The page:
All this must seem strange to you in a letter intended for your birthday. I only wished to cry out to you: Dirk! Do not halt between two opinions! I trust that you are seeking the Lord in secret, but open your heart's door wider to the tender influences of God's Spirit....
As for your temporal welfare, my child, serve and please the Lord in your daily work and interests. Do not imagine that you have matters in your own hand. You will observe that, although God usually permits success to follow upon the best efforts and blesses the diligent, yet He also gives many a lesson to the man who puts his trust in himself, in his own gifts, in the means he employs; teaching him that, after all, he is wholly dependent upon the blessing of God.... Consider! You are here upon earth not for your own sake; you have been placed here to the Glory of God, that you might serve your Maker, love Him, enjoying and praising Him here and hereafter, forever....
Above all, learn to give thanks. Your Grandfather was an example to me in this, and I still love him for it. In everything, even the enjoyment of a glass of cold water I could sense his spirit of thanksgiving. He was always deeply aware of his unworthiness. Therefore he lived much of his life in joyous gratitude, for he saw the love of a merciful heavenly Father beaming upon him always - so that even the dark clouds of life were to him evidence of the love and labor of God, Who chastised in love or administered bitter medicine in order to rescue him from a more bitter evil, namely sin. The measure of our gratitude to God is the measure of our happiness upon earth.
Perhaps you find the lack of money in Holland a stumbling block. And if I look at the matter from the viewpoint of a worldling thinking only of money making, I can readily agree with you and say, "Yes, go where money is plentiful"; and you would see me, too, go to New Orleans, perhaps, or Australia, where, so they say, one can make a fortune and money flows freely. But I believe that there is little happiness and much detriment to be found upon such a pathway. A quiet contented home life, where there is a desire to make the home attractive, and an effort to make life pleasant for one another, where one does not have to seek pleasure outside of the home, where the service of God and love of His truth is an antidote for our faults and failures, there is the greatest joy of life that one can ever have upon earth. And this can be had without luxury and without riches. When we have, along with such a home life, the feast of the Sabbath services which satisfies the soul, and our social life is also so permeated therewith, then I know of no better lot upon earth. For truly, as Jesus said, man does not live of his abundance. In order to be happy, man must have something for his mind and his heart. But in addition to that, if life is to be really satisfactory, it must be related to its purpose....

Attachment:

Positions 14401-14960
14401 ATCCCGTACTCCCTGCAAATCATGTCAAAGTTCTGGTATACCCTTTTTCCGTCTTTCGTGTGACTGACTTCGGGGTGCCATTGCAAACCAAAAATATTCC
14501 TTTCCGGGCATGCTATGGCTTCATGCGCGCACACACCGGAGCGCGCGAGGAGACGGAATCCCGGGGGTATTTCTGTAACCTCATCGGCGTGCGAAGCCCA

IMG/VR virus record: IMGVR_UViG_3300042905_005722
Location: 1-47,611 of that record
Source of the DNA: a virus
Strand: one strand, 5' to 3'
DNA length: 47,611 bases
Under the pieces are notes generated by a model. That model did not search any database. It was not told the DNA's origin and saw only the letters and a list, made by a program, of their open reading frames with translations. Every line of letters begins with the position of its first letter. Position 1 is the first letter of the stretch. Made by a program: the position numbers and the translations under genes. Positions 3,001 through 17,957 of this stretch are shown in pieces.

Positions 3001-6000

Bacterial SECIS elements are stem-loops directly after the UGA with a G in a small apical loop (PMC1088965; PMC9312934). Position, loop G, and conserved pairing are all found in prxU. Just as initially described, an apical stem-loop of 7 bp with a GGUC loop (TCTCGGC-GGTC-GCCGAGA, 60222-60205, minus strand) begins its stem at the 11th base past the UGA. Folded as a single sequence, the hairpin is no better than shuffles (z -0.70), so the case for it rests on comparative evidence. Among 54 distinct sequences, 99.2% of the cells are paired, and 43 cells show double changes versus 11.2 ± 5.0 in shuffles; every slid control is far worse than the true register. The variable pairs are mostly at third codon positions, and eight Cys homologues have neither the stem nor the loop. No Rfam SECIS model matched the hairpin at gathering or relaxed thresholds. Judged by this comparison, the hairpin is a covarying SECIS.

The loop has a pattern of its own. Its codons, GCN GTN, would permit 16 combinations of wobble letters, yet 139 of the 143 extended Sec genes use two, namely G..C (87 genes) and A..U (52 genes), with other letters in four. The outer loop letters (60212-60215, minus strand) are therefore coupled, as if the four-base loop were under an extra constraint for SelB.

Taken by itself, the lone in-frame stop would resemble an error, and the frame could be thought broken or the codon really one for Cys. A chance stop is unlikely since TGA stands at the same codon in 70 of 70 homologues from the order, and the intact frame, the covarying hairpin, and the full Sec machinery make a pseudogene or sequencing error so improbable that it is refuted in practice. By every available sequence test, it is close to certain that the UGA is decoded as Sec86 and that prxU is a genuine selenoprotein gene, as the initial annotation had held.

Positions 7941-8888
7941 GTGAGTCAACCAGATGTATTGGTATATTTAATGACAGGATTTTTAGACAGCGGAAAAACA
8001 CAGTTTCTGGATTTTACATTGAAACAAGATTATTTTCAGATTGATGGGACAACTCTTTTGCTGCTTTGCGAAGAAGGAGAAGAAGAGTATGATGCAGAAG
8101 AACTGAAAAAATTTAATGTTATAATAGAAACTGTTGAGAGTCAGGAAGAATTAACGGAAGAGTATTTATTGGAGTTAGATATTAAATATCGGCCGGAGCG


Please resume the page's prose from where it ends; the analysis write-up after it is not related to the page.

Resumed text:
It is natural for a young person to desire a home of his own, and nothing would please me more than to see you as husband and father with a good and God fearing wife. Praying God for such a wife, you may expect His blessing. Only let it not be to make a show in the world, but in order to raise a family for the Kingdom of God. In the latter you will become honorable and princely, and find joy. In the former you will reap scorn, envy, bitterness and unrest. I have at times heard you complain because you have not enough income. . . . I believe that every young couple, united in the fear of the Lord, will experience that God blesses their labor according to their needs.... Consider the birds of the heavens and the lilies of the field, from which Jesus would have us learn to trust our Father's care.... With all your weighing and considering, do take God and His Word into account; for all our care, wisdom, strength, and planning cannot help us through. In the light of truth I say that to acknowledge God and trust Him does not make us fools. Therefore, instead of giving heed to the common wisdom of the world, which caricatures faith and laughs at it, shake off such things as sparks from the fires of hell. He who makes a hobby-horse of worldly wisdom here below and thinks himself clever in so doing, shall find the mockery imbedded in his very soul when, in the light of eternity, he shall stand revealed as a fool....
Such were the ideals which Van Raalte sought to teach his children - whole-hearted service of God and of our fellow men.